Thursday, February 7, 2019
Today, in Mercy, Jesus’s disciples set out on their first solo mission. Most of us can relate to their feelings that morning.
Remember your first real job? You had studied, trained, prepared. You had aced the interview. You bought a new blouse, shirt or pair of shoes. You were IN!
And you were scared. You might have done a dry run to make sure you wouldn’t be late your first day. You checked that your gas tank was topped off. You packed a lunch (or someone who loved you did), and wondered who would eat with you.
The disciples were probably scared too. Look at whose shoes they were following in! And Jesus sets out some tough dress code for their work life:
- take nothing but a walking stick
- no food, no sack, no money in their belts
- wear sandals but not a second tunic.
The behavior code was just as lean:
- take a buddy for support
- when you enter a house, stay there the whole time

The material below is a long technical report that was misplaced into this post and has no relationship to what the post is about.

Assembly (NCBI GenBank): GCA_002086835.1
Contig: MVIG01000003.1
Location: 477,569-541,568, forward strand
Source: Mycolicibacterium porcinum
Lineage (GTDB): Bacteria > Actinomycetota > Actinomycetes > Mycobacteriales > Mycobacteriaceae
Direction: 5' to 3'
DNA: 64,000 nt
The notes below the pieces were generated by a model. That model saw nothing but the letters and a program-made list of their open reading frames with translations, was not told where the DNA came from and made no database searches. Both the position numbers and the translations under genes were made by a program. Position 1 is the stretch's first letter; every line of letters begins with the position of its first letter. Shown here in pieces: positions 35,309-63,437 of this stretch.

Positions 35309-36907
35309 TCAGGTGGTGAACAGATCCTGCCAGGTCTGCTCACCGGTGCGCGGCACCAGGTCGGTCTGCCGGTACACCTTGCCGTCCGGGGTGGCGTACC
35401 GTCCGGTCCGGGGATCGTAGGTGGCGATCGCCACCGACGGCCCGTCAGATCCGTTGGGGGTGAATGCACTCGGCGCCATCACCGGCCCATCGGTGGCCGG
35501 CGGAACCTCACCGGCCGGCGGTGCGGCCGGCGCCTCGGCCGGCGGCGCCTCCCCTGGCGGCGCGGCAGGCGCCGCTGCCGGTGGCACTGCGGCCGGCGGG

- if they don’t welcome you or listen to you, don’t argue
- leave there and shake the dust off your feet
As we set out to work each day, do we think of our labor as “ministry”? Do we see that our work in some way benefits the life of the community? Do our interactions with our peers encourage their contributions to the common good?
We all need jobs to earn the means to live. But if that’s all our job is, we will never find happiness in it. Meaningful work must benefit more than ourselves and, in that, it can become a ministry.
If Jesus were sending us out to our workday this morning, he might give instructions like these:
- work responsibly, mutually and unselfishly
- earn all that you need to be happy, but avoid greed
- make sure your labors enhance life for others as well as yourself
- if your job chokes your soul, move on
What we do does not determine our worth. How we do it does. We may be sewing buttons on shirts. If we do that with attention and pride, our work will have meaning for us and for others.
Every meaningful job gives us the chance to make the world better for those we serve, and for those with whom we work – to add to the beauty of the world already begun in the blessing of God. Does our work offer us that life-giving opportunity? Do we respond to it wholeheartedly?
Song: Add to the Beauty ~ Sara Groves